I am a middle-grade writer first, but not only.
I read so many picture books when my children were young that I wanted to write one. Finally an idea hit me, and the story flowed out in a sitting. But that was the beginning — that story required many, many more sittings, drafts, and subsequent stories that improved on my first effort. As simple as a picture book manuscript looks, it’s hard to write one.
Switching gears between middle grade and picture books creates challenges, but it has its lessons. Here’s what I’ve taken into my middle-grade fiction from my efforts to write for younger readers.
1. Let story guide progress.
When I was beginning to take writing seriously, I believed that a writer ought to write a thousand words a day. But if you’re writing picture books — where the average published book is 500 words — if you write a thousand words, you’re probably doing it wrong.
That’s not to say that high word counts are wrong for all writers, but it’s not how I measure progress now. I try to use scenes as markers — I’m telling a story, not stringing together words by the thousand. Word count is a simple metric to use when it works, but it can lead your story astray if you race after numbers.
2. Every word matters.
When you revise a picture book, you look at every word. Every one is a decision — is it the most precise one? Will it be understood by the reader? Is it colorful enough, fun enough? Can the sentence be said in a more concise way? Can the whole sentence go?
When writing and revising a novel, most of us won’t take that kind of care on every word unless we don’t care if we never have time to write another. But every word still matters. If not, it shouldn’t be
3. Let go of what doesn’t work.
I can’t speak for other picture book writers, but it takes me a lot of ideas to find one that I can execute well enough to put in front of my agent. And then it takes a good number of manuscripts before my agent finds one she feels is commercial enough to put in front of editors. I’m not sure how many stories it takes to find one editors will buy, but fingers crossed that my time will come.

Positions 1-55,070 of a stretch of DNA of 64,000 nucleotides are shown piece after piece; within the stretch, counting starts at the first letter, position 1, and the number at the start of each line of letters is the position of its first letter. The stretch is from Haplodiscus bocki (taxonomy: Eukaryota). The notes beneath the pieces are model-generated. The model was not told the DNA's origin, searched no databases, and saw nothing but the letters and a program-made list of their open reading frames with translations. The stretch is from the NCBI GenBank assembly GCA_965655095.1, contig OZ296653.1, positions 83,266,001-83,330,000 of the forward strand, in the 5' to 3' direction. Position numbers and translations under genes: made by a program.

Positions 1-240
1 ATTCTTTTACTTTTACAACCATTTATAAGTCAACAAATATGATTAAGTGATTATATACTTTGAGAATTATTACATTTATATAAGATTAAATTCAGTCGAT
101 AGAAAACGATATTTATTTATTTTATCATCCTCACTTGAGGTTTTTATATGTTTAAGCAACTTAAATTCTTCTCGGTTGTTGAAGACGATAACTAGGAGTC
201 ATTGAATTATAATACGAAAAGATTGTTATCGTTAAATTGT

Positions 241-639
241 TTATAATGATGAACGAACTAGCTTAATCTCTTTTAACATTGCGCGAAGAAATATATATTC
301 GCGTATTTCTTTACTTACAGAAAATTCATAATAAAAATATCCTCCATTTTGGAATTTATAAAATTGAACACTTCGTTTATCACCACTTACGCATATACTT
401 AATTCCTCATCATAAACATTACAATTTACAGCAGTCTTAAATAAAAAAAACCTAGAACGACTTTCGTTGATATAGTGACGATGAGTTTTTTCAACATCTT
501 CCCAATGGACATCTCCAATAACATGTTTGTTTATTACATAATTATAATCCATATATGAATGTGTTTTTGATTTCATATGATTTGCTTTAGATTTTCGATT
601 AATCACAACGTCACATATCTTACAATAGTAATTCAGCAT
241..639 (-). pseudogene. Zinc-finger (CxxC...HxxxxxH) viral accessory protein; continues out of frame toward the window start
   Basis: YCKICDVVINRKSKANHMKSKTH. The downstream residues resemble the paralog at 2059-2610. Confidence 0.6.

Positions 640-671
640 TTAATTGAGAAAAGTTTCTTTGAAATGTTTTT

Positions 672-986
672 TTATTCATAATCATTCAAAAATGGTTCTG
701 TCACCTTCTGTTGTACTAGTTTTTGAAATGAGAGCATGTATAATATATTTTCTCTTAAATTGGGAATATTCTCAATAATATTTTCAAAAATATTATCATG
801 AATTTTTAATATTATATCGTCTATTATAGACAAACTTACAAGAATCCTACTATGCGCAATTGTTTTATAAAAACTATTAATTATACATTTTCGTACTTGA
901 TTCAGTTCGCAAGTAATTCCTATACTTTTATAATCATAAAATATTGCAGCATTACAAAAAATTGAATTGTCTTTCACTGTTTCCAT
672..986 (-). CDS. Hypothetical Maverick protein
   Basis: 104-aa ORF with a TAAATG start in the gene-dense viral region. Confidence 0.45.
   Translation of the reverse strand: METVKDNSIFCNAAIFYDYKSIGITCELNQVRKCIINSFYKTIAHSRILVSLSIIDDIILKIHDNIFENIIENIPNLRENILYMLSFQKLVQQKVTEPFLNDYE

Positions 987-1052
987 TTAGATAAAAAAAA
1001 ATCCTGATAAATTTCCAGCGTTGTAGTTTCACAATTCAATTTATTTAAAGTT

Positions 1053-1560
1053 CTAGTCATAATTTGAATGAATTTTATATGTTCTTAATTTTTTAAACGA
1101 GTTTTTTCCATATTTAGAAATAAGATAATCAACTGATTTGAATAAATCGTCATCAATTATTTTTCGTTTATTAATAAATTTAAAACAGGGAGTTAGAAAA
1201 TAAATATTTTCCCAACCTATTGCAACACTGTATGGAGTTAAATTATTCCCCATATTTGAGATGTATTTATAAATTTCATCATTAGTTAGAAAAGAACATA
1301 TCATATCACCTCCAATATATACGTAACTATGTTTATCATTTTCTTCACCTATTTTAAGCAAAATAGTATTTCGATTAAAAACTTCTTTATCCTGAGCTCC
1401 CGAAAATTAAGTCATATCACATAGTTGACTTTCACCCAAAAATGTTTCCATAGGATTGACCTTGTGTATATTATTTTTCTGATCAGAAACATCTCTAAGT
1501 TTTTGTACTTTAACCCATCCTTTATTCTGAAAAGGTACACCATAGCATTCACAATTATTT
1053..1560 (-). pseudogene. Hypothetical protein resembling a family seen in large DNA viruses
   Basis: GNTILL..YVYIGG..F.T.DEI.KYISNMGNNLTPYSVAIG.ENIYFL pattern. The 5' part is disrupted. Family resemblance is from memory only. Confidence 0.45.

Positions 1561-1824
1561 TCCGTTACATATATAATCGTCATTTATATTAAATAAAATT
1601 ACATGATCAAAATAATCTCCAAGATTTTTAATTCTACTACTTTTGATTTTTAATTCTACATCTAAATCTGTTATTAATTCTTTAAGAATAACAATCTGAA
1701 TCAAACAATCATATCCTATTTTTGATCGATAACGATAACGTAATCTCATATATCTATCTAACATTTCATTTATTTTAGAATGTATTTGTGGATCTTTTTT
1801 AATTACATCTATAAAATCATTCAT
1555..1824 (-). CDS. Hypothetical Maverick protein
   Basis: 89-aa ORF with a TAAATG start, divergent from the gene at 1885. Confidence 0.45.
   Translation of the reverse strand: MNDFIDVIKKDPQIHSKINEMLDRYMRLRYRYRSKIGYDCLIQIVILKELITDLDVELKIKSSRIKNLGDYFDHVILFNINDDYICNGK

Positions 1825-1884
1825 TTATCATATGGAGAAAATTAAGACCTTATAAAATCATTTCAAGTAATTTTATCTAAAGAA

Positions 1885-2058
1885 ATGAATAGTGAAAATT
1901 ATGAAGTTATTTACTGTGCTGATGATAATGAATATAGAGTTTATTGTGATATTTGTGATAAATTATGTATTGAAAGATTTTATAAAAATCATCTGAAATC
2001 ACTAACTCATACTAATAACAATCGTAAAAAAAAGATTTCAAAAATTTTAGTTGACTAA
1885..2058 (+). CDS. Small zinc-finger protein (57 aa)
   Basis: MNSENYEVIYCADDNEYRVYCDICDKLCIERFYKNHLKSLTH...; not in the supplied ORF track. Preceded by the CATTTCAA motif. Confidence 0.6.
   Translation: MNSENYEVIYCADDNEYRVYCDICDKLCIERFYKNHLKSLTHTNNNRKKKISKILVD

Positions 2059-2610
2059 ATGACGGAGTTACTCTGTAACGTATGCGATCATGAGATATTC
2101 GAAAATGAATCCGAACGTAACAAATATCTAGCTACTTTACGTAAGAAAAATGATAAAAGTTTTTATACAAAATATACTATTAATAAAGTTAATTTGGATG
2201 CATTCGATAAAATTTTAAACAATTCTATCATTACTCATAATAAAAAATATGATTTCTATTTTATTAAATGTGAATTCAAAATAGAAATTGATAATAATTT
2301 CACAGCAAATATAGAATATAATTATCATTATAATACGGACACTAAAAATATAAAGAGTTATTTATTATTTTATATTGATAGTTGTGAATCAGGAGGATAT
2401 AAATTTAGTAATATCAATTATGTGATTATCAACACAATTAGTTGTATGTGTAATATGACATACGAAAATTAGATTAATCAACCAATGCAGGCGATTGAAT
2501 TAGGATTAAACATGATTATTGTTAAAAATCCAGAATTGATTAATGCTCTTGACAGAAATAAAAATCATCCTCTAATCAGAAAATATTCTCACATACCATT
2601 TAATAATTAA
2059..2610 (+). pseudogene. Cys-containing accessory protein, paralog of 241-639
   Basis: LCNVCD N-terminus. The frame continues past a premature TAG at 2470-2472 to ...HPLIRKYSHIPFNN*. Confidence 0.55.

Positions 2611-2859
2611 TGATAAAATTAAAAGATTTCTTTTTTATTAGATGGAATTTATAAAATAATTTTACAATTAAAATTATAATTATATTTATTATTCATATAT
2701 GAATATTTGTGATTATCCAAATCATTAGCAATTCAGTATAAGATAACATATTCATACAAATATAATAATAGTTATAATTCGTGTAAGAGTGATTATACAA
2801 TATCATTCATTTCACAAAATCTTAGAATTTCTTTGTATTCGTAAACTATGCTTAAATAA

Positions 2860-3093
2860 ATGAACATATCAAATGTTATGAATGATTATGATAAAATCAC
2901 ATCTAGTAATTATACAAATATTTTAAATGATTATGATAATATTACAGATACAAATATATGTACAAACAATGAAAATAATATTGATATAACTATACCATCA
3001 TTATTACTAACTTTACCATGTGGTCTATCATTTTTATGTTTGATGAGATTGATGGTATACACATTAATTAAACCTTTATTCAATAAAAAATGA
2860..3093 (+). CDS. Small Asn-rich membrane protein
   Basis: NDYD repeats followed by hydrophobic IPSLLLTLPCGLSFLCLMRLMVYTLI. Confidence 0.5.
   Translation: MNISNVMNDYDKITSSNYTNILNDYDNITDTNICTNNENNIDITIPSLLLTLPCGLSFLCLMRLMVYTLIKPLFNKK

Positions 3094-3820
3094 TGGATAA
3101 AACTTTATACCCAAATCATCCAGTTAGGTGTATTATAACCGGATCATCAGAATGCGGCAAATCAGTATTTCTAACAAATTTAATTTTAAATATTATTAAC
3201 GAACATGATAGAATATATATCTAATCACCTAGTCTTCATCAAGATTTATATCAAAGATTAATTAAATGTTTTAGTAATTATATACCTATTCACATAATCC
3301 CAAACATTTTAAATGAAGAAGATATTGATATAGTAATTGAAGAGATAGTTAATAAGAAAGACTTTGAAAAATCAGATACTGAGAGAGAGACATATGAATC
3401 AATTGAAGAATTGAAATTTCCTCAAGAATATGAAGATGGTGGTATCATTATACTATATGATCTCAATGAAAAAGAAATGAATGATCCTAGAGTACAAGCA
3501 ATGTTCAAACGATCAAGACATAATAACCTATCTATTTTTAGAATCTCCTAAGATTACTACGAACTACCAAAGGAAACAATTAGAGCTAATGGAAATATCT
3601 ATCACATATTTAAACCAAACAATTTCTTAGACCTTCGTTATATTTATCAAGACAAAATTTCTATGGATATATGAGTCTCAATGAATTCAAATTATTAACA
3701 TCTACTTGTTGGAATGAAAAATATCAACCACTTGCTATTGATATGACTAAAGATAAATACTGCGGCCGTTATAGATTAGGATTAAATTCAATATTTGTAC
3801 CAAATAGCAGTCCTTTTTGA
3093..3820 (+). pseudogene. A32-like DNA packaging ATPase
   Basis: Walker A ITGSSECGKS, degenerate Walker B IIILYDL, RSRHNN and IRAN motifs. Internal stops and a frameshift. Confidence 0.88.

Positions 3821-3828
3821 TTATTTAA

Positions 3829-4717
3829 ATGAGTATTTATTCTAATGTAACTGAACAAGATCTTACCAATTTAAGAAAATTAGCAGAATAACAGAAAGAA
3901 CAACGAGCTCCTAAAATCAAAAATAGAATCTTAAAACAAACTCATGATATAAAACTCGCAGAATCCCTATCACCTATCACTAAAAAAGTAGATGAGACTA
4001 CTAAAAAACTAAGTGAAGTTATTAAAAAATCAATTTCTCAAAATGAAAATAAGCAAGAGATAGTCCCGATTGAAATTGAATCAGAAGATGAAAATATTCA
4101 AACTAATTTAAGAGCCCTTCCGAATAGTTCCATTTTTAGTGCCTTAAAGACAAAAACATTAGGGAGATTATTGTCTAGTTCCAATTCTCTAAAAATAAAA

That winnowing process has taught me to let go of ideas and stories that haven’t found a home, even if I love them. That’s harder to do for a novel, which is a bigger commitment of time and craft. But sometimes you do have to let go and move on — which can mean leaving a favorite scene on the cutting room floor, shelving a problematic manuscript unfinished, or trunking a book that didn’t find a publisher. Hard, but not every story will find a readership, even with the possibility of self-publishing.
4. Leave room in the text.
For a middle-grade writer writing picture books, one of the biggest adjustments is leaving room for the illustrator. That means not describing what can shown in a picture and not trying to control the illustrator with too many notes.
For a novel, it means not overdescribing what the imagination can fill in. Don’t underestimate your reader. Young children understand more than they are often credited with. So do older readers — write up to them, not down.
5. Let go of control.
Picture book writers do not usually get to choose the illustrator, nor do they have veto power over the illustrations. Sometimes that can yield unexpected results in the wrong way, but in the best collaborations, the illustrator will bring more to the book than the writer ever imagine.
The same is true for novels. Once the story has been published, the writer does not own the story any more. It belongs to the reader. Sometimes readers misunderstand authorial intent. Sometimes they hate the story with burning intensity. Sometimes they love it. But love it or hate it, once they’ve read it, it’s part of their understanding of the world. That’s the gift the writer gives, and the gift the reader gives back.